The manager of the diamondbacks is very self-aware when looking at his teams collapse this year down the stretch. Will make you think about how you evaluate yourself as a coach.
Lovullo already has a few ideas, aimed at overcoming his natural aversion to changing courses. He rattled off a list familiar to any ardent fan who punished themselves by watching the Diamondbacks down the stretch. Lovullo thinks he shouldn’t be such a slave to left-right matchups, and that he needs to recognize that David Peralta versus a left-hander most of the time will be better than any right-handed hitter available to him. He kicks himself for trying to force the Zack Greinke-Jeff Mathis battery into the eighth inning against the Dodgers a month ago, a move that resulted in two solo homers and a loss. It doesn’t end there. “Giving David Peralta the day off because it was a scheduled day off the night after he gets four hits,” he said. “Little things like that that bother me.”
He needs to be a better manager of the moment. “If I’ve learned some things from this year it’s that it’s probably OK to go off the path a little bit,” he said. “It’s not necessarily my style. I think the players like the idea of having a plan, but I know that they’re versatile. If I do deviate from the plan at times, I think I’ve learned that it will be OK.”
Lovullo is willing to address that tendency toward inertia in a wider sense, but to a limit. Diamondbacks players gush about his communication style and the faith he shows in them, but one player said that Lovullo trusts “to a fault sometimes.” In games, that may result in a pitcher being left in too long because “he deserved a chance” to start the next inning.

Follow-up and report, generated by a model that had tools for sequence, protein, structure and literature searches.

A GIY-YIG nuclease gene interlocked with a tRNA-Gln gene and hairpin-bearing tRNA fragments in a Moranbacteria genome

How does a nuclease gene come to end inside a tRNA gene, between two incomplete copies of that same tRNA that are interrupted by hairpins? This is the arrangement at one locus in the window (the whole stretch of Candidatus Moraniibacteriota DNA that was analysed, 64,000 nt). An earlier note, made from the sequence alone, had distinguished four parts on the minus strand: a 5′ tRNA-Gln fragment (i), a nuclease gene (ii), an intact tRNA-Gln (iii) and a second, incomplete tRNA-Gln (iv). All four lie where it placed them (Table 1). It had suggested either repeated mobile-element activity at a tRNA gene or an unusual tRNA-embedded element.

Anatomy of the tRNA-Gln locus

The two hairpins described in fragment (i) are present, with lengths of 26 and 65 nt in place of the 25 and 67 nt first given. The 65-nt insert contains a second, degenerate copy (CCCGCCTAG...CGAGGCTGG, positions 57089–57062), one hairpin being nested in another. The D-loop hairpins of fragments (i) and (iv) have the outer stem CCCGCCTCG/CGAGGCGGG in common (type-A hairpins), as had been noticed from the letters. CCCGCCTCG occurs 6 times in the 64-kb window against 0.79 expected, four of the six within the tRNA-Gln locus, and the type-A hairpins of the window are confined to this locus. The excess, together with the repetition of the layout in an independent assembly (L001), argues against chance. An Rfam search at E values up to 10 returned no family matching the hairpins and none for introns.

Over the course of the season, that show of faith resulted in Lovullo making role changes – benching a struggling Alex Avila for a red-hot John Ryan Murphy, removing Brad Boxberger from the closer’s role, bumping a flailing Paul Goldschmidt down in the order during his horrendous May – arguably later than he should have.
Lovullo recognizes that was an issue – “I’m a little late to the party sometimes,” he said. “There’s no doubt about it.” – but he’ll always “err on the side of over-belief than under-belief.” He still feels his players having high self-confidence is the biggest ingredient to success over the long haul. To illustrate he uses a metaphor of a tree growing in a box: If the top is kept firmly affixed, the tree will fill only the space it’s given; remove it, and the sky is literally the limit. “I am more about blowing the top of that box up,” he said, “and letting that thing explode as high as it can go.”